The singer-songwriter Paul Simon once said in an interview that he thought there was a significant difference between being “childlike” and being “childish,” and when he hit the point where his work reflected that difference he began writing better songs.
Simon’s adjustment might not have found traction in a time when a successful TV show on a big network asks us, not rhetorically, Are You Smarter than a 5th Grader?
By now, these essays or rants about how we’re getting dumber tend to take on a familiar pattern: Pull worrisome examples from popular culture, highlight what seem to be impacts on the larger culture or even politics, then close with a dire prediction. Here’s what has changed: Bush is not a dire prediction. Bush and our allowing him to run the country for eight years is now historical fact.
Our happy assumption is that the tide has turned and we won’t ever again elect anyone as incompetent, language-challenged, and insipid. And yet… two weeks ago Mike Huckabee was confronted by Bob Schieffer on CBS’ Face the Nation concerning his use of a cross in a political TV ad. Huckabee offered that the ad was shot at the end of a long day and his people were tired, and that the “cross” was in background bookshelves so nothing specific was intended. Knowing what we know about the conscientious attention paid to image in political media, Huckabee said to America, in effect, “I think you’re all stupid enough to buy this crap denial.”
Or put another way, when the November elections roll around, will voters make choices smarter than a 5th grader?
In the months before the election, the landscape won’t exactly be filled to bursting with provocative and intellect-stirring stimulation. The writers strike may cause television to be teeming with low-rent reality sludge. During the summer, when we should all be talking about the candidates, the mall movie boxes will be filled with at least a half dozen “blockbusters” sourced from comic books. Then there’s the election content itself. Will American voters demand dialogue about the war and America’s new image as a bully lusting for oil, or settle for talk radio blather about immigration and abortion?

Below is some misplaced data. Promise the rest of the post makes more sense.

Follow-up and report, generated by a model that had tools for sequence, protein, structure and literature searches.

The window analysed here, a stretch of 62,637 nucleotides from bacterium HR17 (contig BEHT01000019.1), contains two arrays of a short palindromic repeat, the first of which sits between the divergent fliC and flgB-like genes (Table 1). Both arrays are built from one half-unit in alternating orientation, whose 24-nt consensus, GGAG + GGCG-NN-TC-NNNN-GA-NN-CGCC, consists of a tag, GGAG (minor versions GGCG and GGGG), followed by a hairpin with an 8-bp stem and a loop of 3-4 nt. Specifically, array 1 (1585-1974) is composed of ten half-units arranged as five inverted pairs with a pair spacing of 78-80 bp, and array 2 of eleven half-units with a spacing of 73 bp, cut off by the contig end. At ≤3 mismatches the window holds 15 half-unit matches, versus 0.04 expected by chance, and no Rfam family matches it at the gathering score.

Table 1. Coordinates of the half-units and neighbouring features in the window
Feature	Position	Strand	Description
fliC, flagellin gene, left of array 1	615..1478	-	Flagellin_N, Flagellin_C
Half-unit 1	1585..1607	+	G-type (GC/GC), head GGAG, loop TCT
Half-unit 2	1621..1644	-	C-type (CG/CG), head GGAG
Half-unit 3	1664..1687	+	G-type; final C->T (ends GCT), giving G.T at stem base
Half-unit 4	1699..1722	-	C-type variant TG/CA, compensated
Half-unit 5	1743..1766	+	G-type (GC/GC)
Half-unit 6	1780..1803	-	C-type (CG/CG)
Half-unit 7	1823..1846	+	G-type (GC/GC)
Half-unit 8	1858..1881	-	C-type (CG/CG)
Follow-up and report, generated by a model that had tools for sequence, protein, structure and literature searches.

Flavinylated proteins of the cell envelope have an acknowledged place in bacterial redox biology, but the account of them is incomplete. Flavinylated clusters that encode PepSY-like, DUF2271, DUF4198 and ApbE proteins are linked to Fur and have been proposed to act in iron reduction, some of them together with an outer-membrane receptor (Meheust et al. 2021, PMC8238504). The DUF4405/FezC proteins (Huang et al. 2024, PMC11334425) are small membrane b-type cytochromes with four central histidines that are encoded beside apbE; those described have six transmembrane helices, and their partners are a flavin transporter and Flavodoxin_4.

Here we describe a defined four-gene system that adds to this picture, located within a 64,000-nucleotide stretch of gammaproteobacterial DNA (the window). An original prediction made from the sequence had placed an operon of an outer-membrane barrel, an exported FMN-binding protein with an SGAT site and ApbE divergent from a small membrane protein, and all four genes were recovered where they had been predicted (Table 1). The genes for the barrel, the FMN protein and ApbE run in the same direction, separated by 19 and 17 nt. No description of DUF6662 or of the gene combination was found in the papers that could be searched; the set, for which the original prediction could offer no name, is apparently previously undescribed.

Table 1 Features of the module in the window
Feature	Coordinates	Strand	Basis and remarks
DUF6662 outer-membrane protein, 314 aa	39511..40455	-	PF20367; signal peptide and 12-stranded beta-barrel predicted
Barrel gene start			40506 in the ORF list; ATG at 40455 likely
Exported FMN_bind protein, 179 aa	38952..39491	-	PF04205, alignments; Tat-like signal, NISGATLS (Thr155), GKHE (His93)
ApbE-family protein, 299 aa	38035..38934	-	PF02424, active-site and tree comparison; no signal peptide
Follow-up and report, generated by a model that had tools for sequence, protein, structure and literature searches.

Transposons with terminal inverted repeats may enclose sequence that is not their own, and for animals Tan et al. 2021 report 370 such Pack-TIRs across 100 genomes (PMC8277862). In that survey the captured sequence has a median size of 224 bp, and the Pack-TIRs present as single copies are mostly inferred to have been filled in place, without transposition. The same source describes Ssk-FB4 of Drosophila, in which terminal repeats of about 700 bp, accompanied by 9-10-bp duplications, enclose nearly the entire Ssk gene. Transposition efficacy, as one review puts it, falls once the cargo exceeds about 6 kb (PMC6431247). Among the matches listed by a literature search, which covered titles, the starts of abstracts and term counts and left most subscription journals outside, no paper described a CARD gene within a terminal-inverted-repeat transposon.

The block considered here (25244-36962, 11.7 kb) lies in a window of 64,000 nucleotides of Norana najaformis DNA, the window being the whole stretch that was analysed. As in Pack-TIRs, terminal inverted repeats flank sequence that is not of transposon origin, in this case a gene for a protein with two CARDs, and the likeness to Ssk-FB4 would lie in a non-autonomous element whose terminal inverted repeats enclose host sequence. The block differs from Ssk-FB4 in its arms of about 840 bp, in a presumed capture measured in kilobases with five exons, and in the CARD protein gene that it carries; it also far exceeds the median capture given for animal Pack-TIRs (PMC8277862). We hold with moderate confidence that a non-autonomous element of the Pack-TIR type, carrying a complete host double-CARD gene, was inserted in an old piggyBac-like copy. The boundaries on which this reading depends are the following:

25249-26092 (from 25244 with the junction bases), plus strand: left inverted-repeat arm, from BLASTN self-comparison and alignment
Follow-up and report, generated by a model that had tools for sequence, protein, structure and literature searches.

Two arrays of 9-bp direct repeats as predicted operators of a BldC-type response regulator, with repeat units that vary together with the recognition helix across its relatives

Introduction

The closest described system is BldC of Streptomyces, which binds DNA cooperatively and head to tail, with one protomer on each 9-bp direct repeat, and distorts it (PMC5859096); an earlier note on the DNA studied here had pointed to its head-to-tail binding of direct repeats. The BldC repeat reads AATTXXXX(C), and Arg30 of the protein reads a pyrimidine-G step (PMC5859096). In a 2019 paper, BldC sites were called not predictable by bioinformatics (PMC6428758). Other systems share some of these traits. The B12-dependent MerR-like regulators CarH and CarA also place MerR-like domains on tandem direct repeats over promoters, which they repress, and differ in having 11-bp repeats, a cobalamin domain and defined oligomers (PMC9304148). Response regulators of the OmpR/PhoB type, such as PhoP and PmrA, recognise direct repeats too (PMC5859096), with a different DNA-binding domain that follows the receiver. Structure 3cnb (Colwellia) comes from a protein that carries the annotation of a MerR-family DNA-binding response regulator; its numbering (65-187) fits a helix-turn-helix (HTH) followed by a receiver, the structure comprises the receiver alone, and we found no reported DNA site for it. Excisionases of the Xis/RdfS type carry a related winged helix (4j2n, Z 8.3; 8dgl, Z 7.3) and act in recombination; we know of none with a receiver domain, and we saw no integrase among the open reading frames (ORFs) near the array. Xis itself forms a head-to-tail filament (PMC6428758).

Admittedly I’m pressing a case for the notion that all these things work in a kind of toxic synchronization, with our slacker-devolving-to-stoner criteria for what constitutes “entertainment” somehow impacting our lessening demands on integrity, leadership, and brains from those who run the country.
But if it’s not global dumbing-down, then what did occur when Pervez Musharraf went on the air right after Benazir Bhutto’s assassination asserting that Al Qaeda was responsible, and mere hours later U.S. Republican candidates and you-know-who were echoing that exact message… all without the slightest substantiation? Obviously somebody believes that we have been softened, perhaps slowly over time, to the point where we will accept every statement presented to us as truth and we won’t bother to doubt it. Citizens in Pakistan didn’t buy in, many of them shouting through the anguish in the streets that Musharraf was a “dog.”
But back to worrisome popular culture. In a December 27 article in the LA Times regarding upcoming summer movies, this sentence appears: “[Mike] Myers is back with The Love Guru, his first grown-up movie since 2002’s Austin Powers in Goldmember. Agreed, it’s just a pile of studio-friendly drivel about movies, but… the Austin Powers movies are “grown up!?” Now imagine we’re being fed that kind of fuzzy gibberish 24/7 and that it’s mixed in with what they call “news.” Except, you don’t have to imagine it.
In the same edition of the Times another feature item fretted over people modeling themselves after TV characters, with young men seeing themselves as the cast of Entourage and young women saying in conversation, “I see myself as a Carrie Bradshaw” (from Sex in the City). Writer Lena Katz closed by imploring readers to “recover our own stumbling, imperfect but authentic selves again.”
We also need to recover our own stumbling, imperfect, but authentic thinking again. Just because CNN reports something doesn’t make it truth. Certainly any statement from Pervez Musharraf is immediately suspect and should be treated as such, rather than being instantly deployed by manipulative bounders pretending to have leadership qualities. Again, none of this would be a concern unless you’ve been living in the United States for the past seven years.